• Discover and list the various types of currency (ex: Rupees, Quetzales, Pesos, Francs, Euros, Dollars, Zloty, etc.) in each bag.
  • Convert all money to CAD or USD. Which group has the most money? The least?
  • Identify all countries each money bag comes from and mapping (use the Mapster app if your school has iPads)
  • Ask students to describe any symbols or people associated with currency. What might we assume about the values of the country through what is represented? Have students engage in mini research projects and explore the various symbols represented on bills and coins.
  • Discuss with students the different forms of currency. Why do some countries have many small bills (ex: Rupees) versus some countries have primarily only large bills (ex: Dollars)?

2) Creepy Creatures

During Halloween week, when attention spans seem to wan, it can be easier to embrace the madness (while also being mindful of students whose families do not observe holidays) rather than fight it. Creating creatures is another low prep, hands-on, collaborative mini-project with a wide range of curricular crossover, including Mathematics, Language Arts, Art, Etc. Gather a supply basket for each group with things in your classroom (especially those hard-to-find-a-purpose-for things, such as dried bits of clay, pencils down to the nub, etc.). Give each group a bin, provide studnets with directions, and a time limit. This is a great ongoing project for free blocks and/or introducing new topics. It can be adapted to include more robust skills, such as paragraph-writing, creating narratives, and/or character development. Check out my freebie to inspire your own creature projects!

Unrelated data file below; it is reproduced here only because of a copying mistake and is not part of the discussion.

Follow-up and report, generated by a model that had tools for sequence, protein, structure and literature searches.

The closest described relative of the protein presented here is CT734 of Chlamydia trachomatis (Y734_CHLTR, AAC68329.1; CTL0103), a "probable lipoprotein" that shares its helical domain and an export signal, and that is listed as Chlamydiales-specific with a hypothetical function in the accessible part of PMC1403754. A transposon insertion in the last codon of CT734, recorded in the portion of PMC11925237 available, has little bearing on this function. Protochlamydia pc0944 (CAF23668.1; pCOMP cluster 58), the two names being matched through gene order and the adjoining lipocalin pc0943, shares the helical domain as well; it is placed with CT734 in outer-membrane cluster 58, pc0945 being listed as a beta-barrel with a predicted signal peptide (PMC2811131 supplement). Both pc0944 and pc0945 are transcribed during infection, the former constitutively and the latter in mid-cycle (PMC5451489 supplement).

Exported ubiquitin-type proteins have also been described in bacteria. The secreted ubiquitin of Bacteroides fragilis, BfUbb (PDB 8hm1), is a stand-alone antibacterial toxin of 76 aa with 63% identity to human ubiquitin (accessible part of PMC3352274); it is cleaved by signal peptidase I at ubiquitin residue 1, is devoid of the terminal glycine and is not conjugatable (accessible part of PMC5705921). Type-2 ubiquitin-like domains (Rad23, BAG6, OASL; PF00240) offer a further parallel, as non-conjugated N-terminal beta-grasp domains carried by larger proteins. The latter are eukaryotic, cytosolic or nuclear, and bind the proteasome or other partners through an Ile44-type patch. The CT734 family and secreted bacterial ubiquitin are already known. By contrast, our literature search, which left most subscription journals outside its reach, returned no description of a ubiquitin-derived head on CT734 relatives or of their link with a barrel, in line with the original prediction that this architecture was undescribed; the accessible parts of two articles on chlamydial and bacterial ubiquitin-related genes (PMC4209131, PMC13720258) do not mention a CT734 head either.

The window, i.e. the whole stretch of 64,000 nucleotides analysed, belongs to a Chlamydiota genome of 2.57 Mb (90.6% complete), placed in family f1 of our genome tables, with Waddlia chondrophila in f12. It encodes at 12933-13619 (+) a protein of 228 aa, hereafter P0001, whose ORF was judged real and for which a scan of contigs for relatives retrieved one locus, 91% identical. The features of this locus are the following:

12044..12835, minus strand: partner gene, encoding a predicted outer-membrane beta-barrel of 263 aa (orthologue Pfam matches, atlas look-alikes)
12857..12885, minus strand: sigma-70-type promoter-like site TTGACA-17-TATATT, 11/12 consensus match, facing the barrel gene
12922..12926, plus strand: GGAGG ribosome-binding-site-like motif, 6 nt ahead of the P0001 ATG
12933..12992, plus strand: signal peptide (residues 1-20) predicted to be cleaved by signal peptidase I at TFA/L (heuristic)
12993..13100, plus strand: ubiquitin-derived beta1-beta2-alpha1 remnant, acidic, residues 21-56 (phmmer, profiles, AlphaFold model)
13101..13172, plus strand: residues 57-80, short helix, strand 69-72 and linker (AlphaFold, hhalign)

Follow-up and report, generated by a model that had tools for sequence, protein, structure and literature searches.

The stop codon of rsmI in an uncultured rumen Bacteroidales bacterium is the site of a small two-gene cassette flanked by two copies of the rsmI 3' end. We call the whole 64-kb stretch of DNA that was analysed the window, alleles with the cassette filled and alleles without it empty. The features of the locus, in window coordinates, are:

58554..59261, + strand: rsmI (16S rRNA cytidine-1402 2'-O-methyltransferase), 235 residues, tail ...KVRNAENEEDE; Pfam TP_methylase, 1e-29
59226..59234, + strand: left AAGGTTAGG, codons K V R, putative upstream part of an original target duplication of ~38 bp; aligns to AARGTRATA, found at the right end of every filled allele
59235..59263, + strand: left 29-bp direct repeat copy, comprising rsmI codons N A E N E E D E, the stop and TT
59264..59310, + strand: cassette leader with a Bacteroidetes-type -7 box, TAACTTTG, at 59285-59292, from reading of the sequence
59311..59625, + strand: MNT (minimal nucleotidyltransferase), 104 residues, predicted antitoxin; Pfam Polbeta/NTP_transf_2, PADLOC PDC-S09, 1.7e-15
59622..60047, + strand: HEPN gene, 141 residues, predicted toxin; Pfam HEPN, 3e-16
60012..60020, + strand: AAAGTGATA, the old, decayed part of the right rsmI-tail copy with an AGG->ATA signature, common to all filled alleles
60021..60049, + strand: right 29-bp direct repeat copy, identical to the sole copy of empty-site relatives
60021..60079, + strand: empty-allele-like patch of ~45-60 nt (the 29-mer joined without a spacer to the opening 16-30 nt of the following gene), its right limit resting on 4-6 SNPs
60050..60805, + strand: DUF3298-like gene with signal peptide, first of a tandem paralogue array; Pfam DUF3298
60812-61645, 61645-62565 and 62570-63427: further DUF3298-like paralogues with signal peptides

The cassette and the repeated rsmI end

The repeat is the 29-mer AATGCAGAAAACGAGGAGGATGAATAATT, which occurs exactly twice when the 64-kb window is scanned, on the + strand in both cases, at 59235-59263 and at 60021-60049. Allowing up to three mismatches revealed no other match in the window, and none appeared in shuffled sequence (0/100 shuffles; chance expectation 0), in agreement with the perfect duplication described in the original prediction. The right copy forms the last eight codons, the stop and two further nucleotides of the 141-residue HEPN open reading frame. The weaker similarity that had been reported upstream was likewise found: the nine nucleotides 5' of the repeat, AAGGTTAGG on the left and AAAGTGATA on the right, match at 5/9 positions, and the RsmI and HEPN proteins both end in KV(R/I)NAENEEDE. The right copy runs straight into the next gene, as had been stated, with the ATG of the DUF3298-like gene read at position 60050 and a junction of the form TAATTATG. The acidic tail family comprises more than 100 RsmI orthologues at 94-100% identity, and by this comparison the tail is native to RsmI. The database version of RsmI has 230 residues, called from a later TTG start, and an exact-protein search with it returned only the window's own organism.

3) What happened here?

One of my favourite uses of transition time (beginning of the day, after recess/lunch, in between projects) is some type of daily or weekly ritual. Writing prompts are one of my favourites and are an excellent way to prime students towards imagination, wonder, and critical thought. Thanks to the internet, there are E N D L E S S creative writing prompts available. Here are some of my favourite images and sources. Please use discretion when selecting images, mindful to copyright and sharing, as well as what you are sharing your students.

Thanks for stopping by! What other ideas do you have for quickie inquiry projects?

Instructional Tools, Must-Reads, Social-Emotional Learning

BOMish: August 2019

This month’s BOMish is a bit over the top.